LAUSD board President Ref Rodriguez on DACA and his parents’ sacrifices for his education: ‘I’m someone’s dream deferred, so I could have something better’
Esmeralda Fabián Romero | September 6, 2017
Get stories like this delivered straight to your inbox. Sign up for the LA School Report newsletter.
For this school board president, the end of DACA is personal.
Ref Rodriguez’s dad has only a third-grade education, and his mom left school at sixth grade. They were migrant workers in Mexico who came to the United States to offer their children a better future through education.
So Tuesday’s announcement that the Trump Administration was ending the Deferred Action for Childhood Arrivals program hit Rodriguez hard. The new president of the nation’s second-largest school district spent the day in his office talking to media and meeting with Dreamers, including Juan Casas, who shared his story in tears.
“I see in DACA youth that same dream my parents had for me and my siblings bringing us to this country,” Rodriguez said. “I’m someone’s dream deferred so I could have something better.”
Rodriguez presides over the LA Unified board in a district where Latinos make up three-quarters of the student population, a quarter of whom come from immigrant families. District 5, which he represents, includes the predominantly Latino communities of City Terrace and Highland Park in northeast Los Angeles as well as the cities of Bell, Maywood, Vernon, South Gate, Huntington Park, and South Los Angeles.
“It impacted me profoundly,” Rodriguez said Wednesday. “It deeply concerned me what’s going to happen with our DACA students and employees, our DACA teachers, their students. I felt that we have an enormous responsibility for them as human beings.”
Rodriguez, 46, was the first of his four siblings to be born in the United States. His family is in this country legally thanks to the Immigration Reform and Control Act that provided amnesty in the mid-1980s.
“I don’t have any family members who are under DACA or undocumented, but I see the younger generations in my family and they do the same as the Dreamers. They work, they go to college, and contribute to our society.”
To pay for their children’s schools, his parents cleaned offices in Glendale at night. During the day, his dad worked at a Sears warehouse — the first job he got after arriving in the U.S. and where he stayed for over 30 years — and his mom took care of the home and kids.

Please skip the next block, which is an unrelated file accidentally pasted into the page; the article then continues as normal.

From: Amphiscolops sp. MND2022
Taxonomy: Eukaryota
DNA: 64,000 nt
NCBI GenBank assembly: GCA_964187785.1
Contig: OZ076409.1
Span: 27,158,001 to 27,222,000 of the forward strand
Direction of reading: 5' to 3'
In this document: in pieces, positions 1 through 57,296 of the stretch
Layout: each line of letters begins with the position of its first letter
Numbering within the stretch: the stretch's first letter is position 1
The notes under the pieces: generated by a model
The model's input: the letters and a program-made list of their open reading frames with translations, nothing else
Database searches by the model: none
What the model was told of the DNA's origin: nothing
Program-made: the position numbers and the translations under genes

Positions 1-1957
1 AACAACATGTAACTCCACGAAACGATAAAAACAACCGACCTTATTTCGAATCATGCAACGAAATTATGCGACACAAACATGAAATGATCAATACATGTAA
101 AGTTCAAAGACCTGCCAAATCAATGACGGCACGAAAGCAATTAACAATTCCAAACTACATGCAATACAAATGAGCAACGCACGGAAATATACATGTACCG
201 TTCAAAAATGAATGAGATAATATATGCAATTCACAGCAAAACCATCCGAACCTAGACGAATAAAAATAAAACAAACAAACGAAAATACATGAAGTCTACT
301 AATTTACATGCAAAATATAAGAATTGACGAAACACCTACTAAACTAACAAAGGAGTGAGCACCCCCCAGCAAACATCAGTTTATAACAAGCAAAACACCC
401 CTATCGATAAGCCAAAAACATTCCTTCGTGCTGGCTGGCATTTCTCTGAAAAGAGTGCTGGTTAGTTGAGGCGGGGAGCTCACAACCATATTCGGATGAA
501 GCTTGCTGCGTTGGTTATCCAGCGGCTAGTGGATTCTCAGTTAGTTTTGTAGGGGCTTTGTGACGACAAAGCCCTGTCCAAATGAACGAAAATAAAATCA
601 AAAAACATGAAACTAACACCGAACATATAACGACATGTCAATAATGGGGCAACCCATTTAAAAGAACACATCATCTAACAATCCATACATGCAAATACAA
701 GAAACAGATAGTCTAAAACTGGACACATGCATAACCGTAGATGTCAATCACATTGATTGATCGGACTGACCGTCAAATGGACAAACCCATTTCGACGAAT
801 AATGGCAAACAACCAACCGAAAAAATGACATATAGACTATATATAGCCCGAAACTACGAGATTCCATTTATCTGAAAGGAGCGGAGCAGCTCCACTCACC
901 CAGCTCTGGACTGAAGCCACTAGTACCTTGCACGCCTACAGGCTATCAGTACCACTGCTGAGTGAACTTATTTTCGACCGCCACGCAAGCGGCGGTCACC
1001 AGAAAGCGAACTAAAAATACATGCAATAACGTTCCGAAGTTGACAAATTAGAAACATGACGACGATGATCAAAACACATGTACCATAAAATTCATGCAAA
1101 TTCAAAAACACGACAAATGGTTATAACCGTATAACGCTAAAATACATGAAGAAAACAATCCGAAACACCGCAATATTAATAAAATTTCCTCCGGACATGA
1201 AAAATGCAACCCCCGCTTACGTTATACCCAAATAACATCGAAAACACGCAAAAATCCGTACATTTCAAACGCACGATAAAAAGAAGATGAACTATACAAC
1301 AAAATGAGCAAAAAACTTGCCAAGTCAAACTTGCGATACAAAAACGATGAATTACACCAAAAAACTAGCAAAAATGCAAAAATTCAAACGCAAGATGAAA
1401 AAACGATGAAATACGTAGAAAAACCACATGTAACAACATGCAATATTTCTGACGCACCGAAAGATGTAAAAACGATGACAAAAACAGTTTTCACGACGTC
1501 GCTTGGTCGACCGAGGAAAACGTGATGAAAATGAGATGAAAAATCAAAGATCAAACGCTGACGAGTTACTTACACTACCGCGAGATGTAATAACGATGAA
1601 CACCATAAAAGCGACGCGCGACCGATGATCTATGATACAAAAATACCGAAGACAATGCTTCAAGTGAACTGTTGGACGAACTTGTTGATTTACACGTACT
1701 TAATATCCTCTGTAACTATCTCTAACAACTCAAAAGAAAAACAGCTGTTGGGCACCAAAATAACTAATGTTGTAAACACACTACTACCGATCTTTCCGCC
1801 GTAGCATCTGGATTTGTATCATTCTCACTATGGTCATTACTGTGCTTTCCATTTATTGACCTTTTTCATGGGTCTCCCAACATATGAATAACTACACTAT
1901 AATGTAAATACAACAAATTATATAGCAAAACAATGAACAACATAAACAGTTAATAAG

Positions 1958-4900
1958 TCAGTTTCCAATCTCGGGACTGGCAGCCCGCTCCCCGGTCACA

“I think we were always aware of the sacrifice that was made to send us to a private Catholic school. That’s how we got the value of education.”
Rodriguez and his siblings attended public schools in their early years but ended up at Catholic schools because they were easier for his parents to navigate.
“They didn’t know how to navigate an institution, but they knew how to navigate church. They found that comfort level that they couldn’t find in the public system,” said Rodriguez, who turned down a full-ride scholarship to UC Berkeley to attend Loyola Marymount University, a local Catholic university because it was what he knew. He graduated in 1995 and earned his doctorate in 2006 from Fielding Graduate University in Santa Barbara.
His parents’ sacrifice is what makes Rodriguez so highly value the power that parents have in advocating for their children’s education. It’s what inspired him to become a leader in education and to fight to protect their power.
Recalling his mother’s humiliation at the hands of a school official makes him especially sensitive to the way parents are treated in schools. He wants to make sure no other parent has to feel “like they don’t have the right to fight for the best education for their kids.”
“I remember once my little brother forgot his book at home and my mom had to go to the school’s principal office where she was lectured in a way that I could see how the strength that she normally had left her body. She looked like she had lost her power.
“That’s not how a parent should feel when advocating for their kids. No one knows their children better than their parents, and when this sort of wall comes up, to me that’s criminal.”
It is not by chance that Rodriguez often listens more than he talks at board meetings, particularly if it is a parent raising a concern. He welcomes parents contacting him first if they have an issue at their school. He doesn’t mind if they start at the top.